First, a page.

By Marilyn Baron
If where you work is a reflection of who you are, then I must be a mess. To say I’m a pack rat is a bit of an understatement. People often compare my work space to the desk of 60 Minutes Correspondent Andy Rooney. In the old days (before advancing age syndrome struck) I could stick my hand in the pile and find any piece of paper I wanted. I knew exactly where everything was. In my mind, my desk was organized. That’s no longer the case.
I need to do some housecleaning. I tried it once. I moved everything into boxes and stored them in the basement. Then our basement flooded and all of the cardboard boxes were destroyed and had to be hauled away. Turns out I never needed that “stuff.” I don’t want another flood, but something of Biblical proportions needs to be done about my work space.
My desk is just a repository of paper and junk. I can’t sit at the desk, there’s no room to write there. And then there’s my husband’s desk. Most of the time when he’s not at work he’s on my computer. I can’t understand why he has to use my computer when he has a laptop he can use when he’s not at work. When my younger daughter visits and she wants to catch up on some work at the office, she uses my computer. When my older daughter visits from New York and she checks in at the office, she also takes over my computer.
Actually, I can understand why my office is where everyone wants to be. My office is bright, the walls are painted a soothing lemon yellow, my curtains are a yellow and blue striped and floral pattern and the rug is a diamond-patterned yellow hue. Hanging on the wall is my framed 2005 Maggie certificate for Third place in the Single Title Category for “The Colonoscopy Club.” I think I need to write a sequel because soon I’ll have to have another one of those procedures. A Bermuda print, called “Shutters,” depicts a pastel yellow cottage with a stepped pristine white roof against a blue sky background.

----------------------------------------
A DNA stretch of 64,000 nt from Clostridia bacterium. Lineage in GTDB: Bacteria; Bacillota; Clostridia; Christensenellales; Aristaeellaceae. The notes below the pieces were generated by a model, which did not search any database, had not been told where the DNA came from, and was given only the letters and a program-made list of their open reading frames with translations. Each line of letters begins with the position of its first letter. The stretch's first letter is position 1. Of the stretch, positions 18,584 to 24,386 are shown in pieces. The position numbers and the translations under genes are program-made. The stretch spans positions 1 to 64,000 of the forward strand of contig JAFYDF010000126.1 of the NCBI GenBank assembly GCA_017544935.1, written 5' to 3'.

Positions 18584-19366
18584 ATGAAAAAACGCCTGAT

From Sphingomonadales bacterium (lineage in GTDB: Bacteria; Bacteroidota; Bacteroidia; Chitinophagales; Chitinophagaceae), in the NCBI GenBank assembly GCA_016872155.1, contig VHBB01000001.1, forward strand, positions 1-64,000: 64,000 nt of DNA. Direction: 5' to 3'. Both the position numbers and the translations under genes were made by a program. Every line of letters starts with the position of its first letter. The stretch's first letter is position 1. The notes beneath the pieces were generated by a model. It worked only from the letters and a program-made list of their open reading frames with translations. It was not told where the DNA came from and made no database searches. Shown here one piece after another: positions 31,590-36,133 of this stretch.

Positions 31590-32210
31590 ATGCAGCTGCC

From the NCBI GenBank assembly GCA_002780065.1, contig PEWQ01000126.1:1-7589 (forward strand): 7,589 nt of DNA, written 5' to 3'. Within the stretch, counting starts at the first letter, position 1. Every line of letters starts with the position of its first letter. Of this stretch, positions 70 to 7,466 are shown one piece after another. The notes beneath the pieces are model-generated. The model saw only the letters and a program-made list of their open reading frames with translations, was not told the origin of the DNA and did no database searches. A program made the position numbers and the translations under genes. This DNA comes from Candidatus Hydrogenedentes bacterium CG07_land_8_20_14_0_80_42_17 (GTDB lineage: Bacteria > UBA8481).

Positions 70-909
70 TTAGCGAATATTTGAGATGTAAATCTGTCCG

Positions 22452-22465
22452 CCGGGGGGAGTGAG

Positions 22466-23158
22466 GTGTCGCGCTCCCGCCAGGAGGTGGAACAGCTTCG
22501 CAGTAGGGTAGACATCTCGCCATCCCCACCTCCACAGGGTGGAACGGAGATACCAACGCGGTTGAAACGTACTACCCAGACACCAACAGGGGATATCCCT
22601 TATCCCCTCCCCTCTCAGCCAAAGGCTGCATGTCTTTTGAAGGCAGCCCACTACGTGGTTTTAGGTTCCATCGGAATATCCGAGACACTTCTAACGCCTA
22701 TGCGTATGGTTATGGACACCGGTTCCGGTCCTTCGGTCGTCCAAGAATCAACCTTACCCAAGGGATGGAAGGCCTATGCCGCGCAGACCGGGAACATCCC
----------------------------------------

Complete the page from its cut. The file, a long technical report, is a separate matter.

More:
Probably one of my favorite things about my office is the view from the windows that open up to my backyard. When I’m not writing, I’m daydreaming, getting inspiration, talking on the phone and looking outside, and I can always count on seeing a lively squirrel chase; birds, ranging from red-headed woodpeckers and blue jays to hummingbirds; roaming coyotes and most often deer, sometimes five or six of them, walking on the trail by the stream in back of my house.
As far as inspiration, I don’t need candles. I don’t have a sense of smell so I would probably burn down the house and never realize it. I love music, but I don’t generally play it when I’m writing. To get me started, all I need is a phrase, an intro, a thought, a name and that sparks an idea and generates a story.
As far as the state of my office, I probably won’t change, not at this late date. I like order in my life and the rest of the house is in good shape. But my office reflects the chaos, ideas, creativity and excitement in my head. So maybe that’s not so bad.
What is your favorite thing about your office?